Wednesday October 10, 2012

Editor of the Reformer:

After 12 months participation, the Windham School Board’s representative, along with the other board members, concluded they saw no opportunities that outweighed the negatives involved in the Regional Education District. They presented their reasons at a meeting on Sept. 9. Nancy Dyke and Ernie Friedli voiced concerns and others asked questions, but the majority of people attending were supportive of the board’s decision.

While respecting Nancy’s interest in education, I don’t believe the board’s decision reflects mere bias. They’re reluctant to see Windham’s autonomy risked for opportunities, or savings, currently very unclear. For 12 months they participated, and then withdrew, when to do otherwise would mean abandoning their primary responsibility: Windham. Some believe the board’s job was to bring to town’s voters an unbiased report. I believe it was to determine the value of regionalized education (for Windham) and act on their findings. After 12 months of participation, seeing no positives for Windham in the making, the decision to withdraw avoided a commitment that would have relinquished our town’s control over the school. Concerns regarding increasing school budgets and burdens on taxpayers are better directed to the state.

The Windham School Board did not just attend a meeting or two then withdrew.


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In reality, they fully, and responsibly, participated for 12 months. During the study, no one paid much attention. No one commented on reports regularly published by the RED Committee or the board. The board reached its decision at a public meeting, which was three weeks before the announcement on July 25. If people were concerned, why wasn’t that expressed when the vote was taken or in the weeks prior to the RED meeting?

Do we want Windham to be a retirement community? The school facility is in good condition, providing extraordinary educational opportunities for students with a highly personalized, well rounded learning experience rarely found in our increasingly cookie-cutter world. It functions as an extended family. As Windham students move on, the positive opportunities and strong sense of community students gained from Windham Elementary are evident in high performance and leadership at the middle and high school levels.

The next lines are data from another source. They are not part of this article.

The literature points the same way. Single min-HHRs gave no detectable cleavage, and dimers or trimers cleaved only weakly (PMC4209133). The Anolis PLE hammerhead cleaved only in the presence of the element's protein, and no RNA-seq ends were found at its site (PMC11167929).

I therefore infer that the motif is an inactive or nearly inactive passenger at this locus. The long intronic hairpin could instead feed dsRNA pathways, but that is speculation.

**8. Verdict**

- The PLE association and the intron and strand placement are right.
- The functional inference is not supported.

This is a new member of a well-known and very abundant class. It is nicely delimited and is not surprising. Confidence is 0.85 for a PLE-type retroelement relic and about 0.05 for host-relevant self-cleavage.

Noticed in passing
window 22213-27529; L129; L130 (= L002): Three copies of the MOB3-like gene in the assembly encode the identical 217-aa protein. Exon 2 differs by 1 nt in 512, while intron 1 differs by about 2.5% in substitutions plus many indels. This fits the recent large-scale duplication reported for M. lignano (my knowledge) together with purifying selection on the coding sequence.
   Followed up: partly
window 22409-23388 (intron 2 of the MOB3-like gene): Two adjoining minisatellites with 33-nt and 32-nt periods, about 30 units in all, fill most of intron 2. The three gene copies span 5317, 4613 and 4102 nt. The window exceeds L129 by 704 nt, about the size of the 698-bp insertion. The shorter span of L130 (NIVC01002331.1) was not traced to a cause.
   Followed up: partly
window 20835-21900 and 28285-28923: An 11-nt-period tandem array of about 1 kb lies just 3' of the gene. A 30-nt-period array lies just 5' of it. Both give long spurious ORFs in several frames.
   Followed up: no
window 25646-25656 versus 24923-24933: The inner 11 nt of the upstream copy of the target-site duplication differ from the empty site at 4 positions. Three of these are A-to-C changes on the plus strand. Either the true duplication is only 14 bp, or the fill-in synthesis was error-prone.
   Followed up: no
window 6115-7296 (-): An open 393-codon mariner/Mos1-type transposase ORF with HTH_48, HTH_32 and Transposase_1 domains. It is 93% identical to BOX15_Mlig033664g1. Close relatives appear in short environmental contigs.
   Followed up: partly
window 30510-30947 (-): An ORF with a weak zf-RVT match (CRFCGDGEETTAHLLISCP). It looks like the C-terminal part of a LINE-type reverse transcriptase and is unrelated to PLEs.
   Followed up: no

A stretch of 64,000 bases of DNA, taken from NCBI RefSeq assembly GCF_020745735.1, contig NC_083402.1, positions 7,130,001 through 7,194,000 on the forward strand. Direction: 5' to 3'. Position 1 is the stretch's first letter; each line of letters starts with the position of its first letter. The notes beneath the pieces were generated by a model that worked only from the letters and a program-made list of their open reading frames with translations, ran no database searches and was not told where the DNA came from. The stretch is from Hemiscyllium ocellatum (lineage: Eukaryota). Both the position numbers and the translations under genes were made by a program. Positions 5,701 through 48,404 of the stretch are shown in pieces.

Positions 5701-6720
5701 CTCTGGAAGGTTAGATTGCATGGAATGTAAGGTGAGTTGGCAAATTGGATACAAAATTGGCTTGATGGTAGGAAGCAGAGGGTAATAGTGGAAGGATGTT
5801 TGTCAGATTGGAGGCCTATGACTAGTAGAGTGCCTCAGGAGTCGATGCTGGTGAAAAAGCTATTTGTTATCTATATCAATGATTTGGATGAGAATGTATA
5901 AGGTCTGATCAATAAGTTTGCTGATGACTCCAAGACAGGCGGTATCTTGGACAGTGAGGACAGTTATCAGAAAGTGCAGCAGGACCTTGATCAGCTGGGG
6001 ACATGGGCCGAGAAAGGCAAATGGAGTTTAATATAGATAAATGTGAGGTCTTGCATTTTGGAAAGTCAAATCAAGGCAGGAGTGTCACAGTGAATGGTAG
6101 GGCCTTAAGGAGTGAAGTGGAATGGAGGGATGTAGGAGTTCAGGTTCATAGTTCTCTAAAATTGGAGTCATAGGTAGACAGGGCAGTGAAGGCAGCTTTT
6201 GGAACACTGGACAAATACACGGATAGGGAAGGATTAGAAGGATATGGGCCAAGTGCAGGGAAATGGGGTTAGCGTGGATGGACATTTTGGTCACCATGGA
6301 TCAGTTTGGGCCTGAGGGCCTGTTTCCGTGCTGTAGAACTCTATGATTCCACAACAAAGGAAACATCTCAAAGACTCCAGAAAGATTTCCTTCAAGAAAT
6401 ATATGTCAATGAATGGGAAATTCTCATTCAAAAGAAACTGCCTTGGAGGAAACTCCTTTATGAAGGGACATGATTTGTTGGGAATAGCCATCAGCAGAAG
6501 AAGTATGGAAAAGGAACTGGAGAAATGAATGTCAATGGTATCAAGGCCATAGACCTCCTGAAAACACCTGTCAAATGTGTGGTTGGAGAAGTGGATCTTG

These children are our future. To grow into grounded adults they require nurturing by families and communities. Windham has no general store, no post office, no place where people gather and trade pleasantries while reinforcing community. We have two churches, one with a tiny senior membership, and Tater Hill for a short period of the year. The school provides an anchor to the sense of community: A place where all families who choose to can experience community. I believe we need to appreciate, support, promote and treasure it.

Kathy Scott,

Windham, Oct. 10 Editor of the Reformer:

I am writing regarding the article entitled "Tunnel Vision" in the Oct. 5 issue.

I found the article unbalanced and biased. It did not present a fair representation of the issues involved or of the discussions that took place at a Windham meeting on Sept. 10, during which the Windham School Board presented the reasons for withdrawing from the Regional Education District Study.

The Windham School Board clearly put in a great deal of time, thought, and effort in considering the RED with their primary focus on what would best serve the children of this town. They presented both the pros and cons of participating in the RED. In addition to their thoughtful consideration of the many aspects involved, educational, location, early education, financial, they stated very clearly several times the primary reason they decided to withdraw from the RED study. The Windham School Board was being asked to sign off on an article of agreement which violated a core principle agreed upon by the board at the beginning of the study. The board was adhering to the core principle that no authority other than the town of Windham could close the school.

Earlier in the RED Study, the Windham School Board had asked for the inclusion of an article in the RED agreement that only the residents of Windham could vote to close the school. This article was not included. The board withdrew from an agreement that would have allowed a regional board of 11 members (including only one from Windham) to close the school. If Windham had continued to participate in a Regional Education District, any town vote on the closing of the school would be advisory only.